The 1990s were the turning point for Pfalz wines. The growers realized that they have to compete worldwide on quality alone. The EU also forced Germany to end its restrictive practices.
Earlier a wine producer had been prosecuted for the very German offense of growing Chardonnay in a Riesling area. Neustadt is the wine metropolis of the Weinstrasse, full of half-timbered houses next to baroque buildings and a church divided into Protestant and Catholic halves.
Hans-Christian Stolleis is only 23, but already active in his family's wine business in the outskirts of Neustadt.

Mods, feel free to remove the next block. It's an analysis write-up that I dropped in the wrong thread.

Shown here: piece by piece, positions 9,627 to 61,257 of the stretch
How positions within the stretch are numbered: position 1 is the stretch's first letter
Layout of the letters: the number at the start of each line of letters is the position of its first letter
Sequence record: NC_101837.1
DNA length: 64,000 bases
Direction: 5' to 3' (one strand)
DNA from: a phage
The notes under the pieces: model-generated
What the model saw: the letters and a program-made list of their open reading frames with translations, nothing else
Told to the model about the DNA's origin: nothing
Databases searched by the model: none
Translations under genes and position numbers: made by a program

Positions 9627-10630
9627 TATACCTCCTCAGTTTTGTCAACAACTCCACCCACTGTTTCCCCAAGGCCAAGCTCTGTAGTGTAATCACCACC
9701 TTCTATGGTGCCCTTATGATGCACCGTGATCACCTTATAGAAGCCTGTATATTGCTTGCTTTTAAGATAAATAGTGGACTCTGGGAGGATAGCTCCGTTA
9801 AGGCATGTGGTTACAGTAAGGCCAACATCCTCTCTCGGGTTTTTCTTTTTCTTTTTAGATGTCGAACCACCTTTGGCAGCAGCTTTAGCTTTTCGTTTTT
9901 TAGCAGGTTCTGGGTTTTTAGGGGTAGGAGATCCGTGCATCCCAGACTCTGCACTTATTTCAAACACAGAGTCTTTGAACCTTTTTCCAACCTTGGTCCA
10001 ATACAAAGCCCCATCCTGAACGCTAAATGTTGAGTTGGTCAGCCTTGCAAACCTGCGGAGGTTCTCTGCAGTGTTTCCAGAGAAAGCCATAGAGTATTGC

He's just back from Berlin where the family wines were served at the German President's "Burgerfestival," a 6,500-strong party where German citizens are honored for their commitment to civil service.
The Stolleis vineyard, once producing wines by appointment to the Bavarian Court, now grows, among others, an exceptional rare Auxerrois, a slightly sweeter version of Pinot Blanc.
"In 1957 we planted Pinot Blanc and Auxerrois was mixed by accident," explains Stolleis. "Some grapes kept maturing earlier. Fifteen years ago we finally analyzed their DNA and discovered the two different varieties."
Neustadt is seen as the metropolis of the Winestrasse.
This time, instead of prosecuting, the authorities allowed the Auxerrois to be grown. A good move, since it's possibly the most exciting Weinstrasse wine I tasted.
Stolleis is one of a new wave of vintners calling themselves Generation Pfalz who have wine in their blood.
In 2015, they launched a competition among 70 wineries whose owners are under 40 years old.